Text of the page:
Facebook badge

youtube badge

flickr badge

Report on the Dalai Lama's UK tour - June 2012 PDF Print E-mail
[29 June 2012] The Dalai Lama wrapped up a successful 10 day tour of the UK with a BBC interview, broadcast on 24 June, where he called on the Chinese government to hold an investigation into the causes of the self-immolations in Tibet. The UK visit included meetings with parliamentarians in London and Edinburgh and business leaders in Leeds, private meetings with Prince Charles and Aung San Suu Kyi as well as public talks and religious teachings.

Page Index: 
Leeds  I  China calls for council ban  I  Manchester  I  London  I
Aung San Suu Kyi  I  Westminster Abbey  I  Speaker's lunch  I  Addressing MPs  I
Aldershot  I  Edinburgh  I  Scottish leader snub  I  Dundee & Inverness  I
Media reports, videos & photos

The Dalai LamaDuring an interview broadcast on The Andrew Marr Show on 24 June, the Dalai Lama said that as he had retired politically he would not comment on the "politically sensitive" self-immolations. However, he added, "Now Chinese leaders should carry thorough investigations [into] what causes these sad events."

The Dalai Lama also reiterated that it was possible he could be the last Dalai Lama. He said it was up to the Tibetan people to decide whether the institution continues or not. "If people feel it is not relevant then it will automatically cease."

Though the visit to the UK was to promote the Dalai Lama's vision of peace, compassion and harmony, political issues were never far away. The Chinese government pressured city councils to avoid meeting the Dalai Lama and questions were regularly asked by press and parliamentarians on the ongoing crisis in Tibet.

In an interview with Reuters on 20 June, the Dalai Lama said that talks with the Chinese government were "futile" unless Chinese leaders adopted a "realistic" stance. He said, "Unless they [Chinese leaders] start a realistic approach for the Tibetan problem inside Tibet, there's not much to discuss." He added that a shift towards democracy and better human rights in China were inevitable but instead of dealing with these actions the Chinese government find it "easier just to suppress".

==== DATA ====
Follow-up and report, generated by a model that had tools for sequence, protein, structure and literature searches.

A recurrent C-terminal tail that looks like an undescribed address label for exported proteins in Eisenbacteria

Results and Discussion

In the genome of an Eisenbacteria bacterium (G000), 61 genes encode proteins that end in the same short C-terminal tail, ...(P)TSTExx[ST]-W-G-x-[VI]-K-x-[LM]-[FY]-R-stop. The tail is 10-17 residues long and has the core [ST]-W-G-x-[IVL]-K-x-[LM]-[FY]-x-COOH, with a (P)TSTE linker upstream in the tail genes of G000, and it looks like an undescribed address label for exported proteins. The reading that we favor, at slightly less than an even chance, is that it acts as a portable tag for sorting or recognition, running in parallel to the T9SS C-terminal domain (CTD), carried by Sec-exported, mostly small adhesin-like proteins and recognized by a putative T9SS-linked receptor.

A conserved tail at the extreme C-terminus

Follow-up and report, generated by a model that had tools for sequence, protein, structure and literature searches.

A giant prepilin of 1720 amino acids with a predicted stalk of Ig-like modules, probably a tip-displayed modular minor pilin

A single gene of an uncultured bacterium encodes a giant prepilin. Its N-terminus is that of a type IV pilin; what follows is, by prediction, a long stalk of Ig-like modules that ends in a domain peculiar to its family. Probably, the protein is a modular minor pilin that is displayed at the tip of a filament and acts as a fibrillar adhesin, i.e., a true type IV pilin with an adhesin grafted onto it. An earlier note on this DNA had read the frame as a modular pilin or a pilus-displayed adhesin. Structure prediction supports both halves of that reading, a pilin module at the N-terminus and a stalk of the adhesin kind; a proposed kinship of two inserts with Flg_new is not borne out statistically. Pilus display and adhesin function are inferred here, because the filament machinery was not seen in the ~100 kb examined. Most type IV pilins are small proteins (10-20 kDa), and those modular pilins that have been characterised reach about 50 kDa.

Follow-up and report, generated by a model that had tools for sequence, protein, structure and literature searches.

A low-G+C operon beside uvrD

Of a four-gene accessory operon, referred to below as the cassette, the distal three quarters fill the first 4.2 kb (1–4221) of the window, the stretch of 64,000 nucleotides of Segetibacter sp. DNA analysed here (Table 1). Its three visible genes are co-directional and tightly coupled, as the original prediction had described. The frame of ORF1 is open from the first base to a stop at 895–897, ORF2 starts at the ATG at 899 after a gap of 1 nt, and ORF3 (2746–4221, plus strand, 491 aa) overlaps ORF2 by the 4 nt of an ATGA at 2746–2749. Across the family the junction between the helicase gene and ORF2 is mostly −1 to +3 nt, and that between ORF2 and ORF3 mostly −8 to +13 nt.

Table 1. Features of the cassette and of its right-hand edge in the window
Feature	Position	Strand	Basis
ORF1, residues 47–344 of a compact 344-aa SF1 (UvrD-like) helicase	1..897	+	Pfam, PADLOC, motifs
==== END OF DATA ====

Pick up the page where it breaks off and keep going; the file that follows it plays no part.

The Dalai Lama's first engagement in the UK was in Leeds on 15 June where he addressed hundreds of business leaders at the Yorkshire International Business Convention. During the talk, entitled "Ethics in Business", the Dalai Lama blamed the current financial crisis on short-sightedness and called for multinational companies to be "more transparent... in order to bring trust and respect."

China calls on UK cities to cancel Dalai Lama events
The Dalai LamaPrior to the Dalai Lama's appearance in Leeds it emerged that the Chinese government had put pressure on the Leeds City Council to cancel the meeting. The council were apparently told that failure to comply could result in Chinese athletes withdrawing from an Olympic training camp set to be held in Leeds. The council distanced itself from the event saying it was a privately funded event.

Fabian Hamilton, MP for Leeds North East and the chair of the All Party Parliamentary Group for Tibet expressed his outrage at China's interference in a BBC interview. Mr Hamilton said China were using "bully-boy tactics" and that it was "reprehensible and disgraceful" that Chinese government officials were attempting to tell elected officials in Leeds who they should and should not be inviting to the city.

It later transpired that Chinese officials had pressured most, if not all, the city councils hosting the Dalai Lama. The Chinese Consul General to Scotland met with councils in Edinburgh, Dundee and Inverness and threatened to withdraw future investments if council leaders met with the Dalai Lama. The Lord Provost of Dundee, Bob Duncan, withdrew from giving a speech at an event with the Dalai Lama and the Dundee Council reportedly backed away from supporting the visit. It is not clear whether these actions were a result of Chinese government pressure.

The Dalai Lama dismissed China's attempts to disrupt the tour, saying such efforts were "almost routine" wherever he travelled and that he was only interested in spreading a message of peace and harmony.

The Dalai Lama in ManchesterFollowing Leeds, the Dalai Lama headed to Manchester for three days of public talks and religious teachings. Nearly 25,000 people attended the events which included: "Stand Up and Be The Change", a special event for under 25s; "Real Change Happens in the Heart", a public talk; and, three sessions of Buddhist teachings.

The Dalai Lama in ManchesterThe youth event was hosted by actor and comedian Russell Brand, who said he found the event "very inspiring and helpful". The Dalai Lama's message to young people was the urgent need to foster a culture of peace and dialogue in the 21st century. At the end of the event the Dalai Lama presented the first of a series of Youth Compassion Awards, given to a local youngster recognised for their altruistic acts of compassion. Similar awards were presented in London and Edinburgh.

A video campaign for "Stand Up and Be The Change" was also launched in Manchester and shown at subsequent public events. The campaign introduces the principles of non-violence, compassion and the resolution of disputes through dialogue.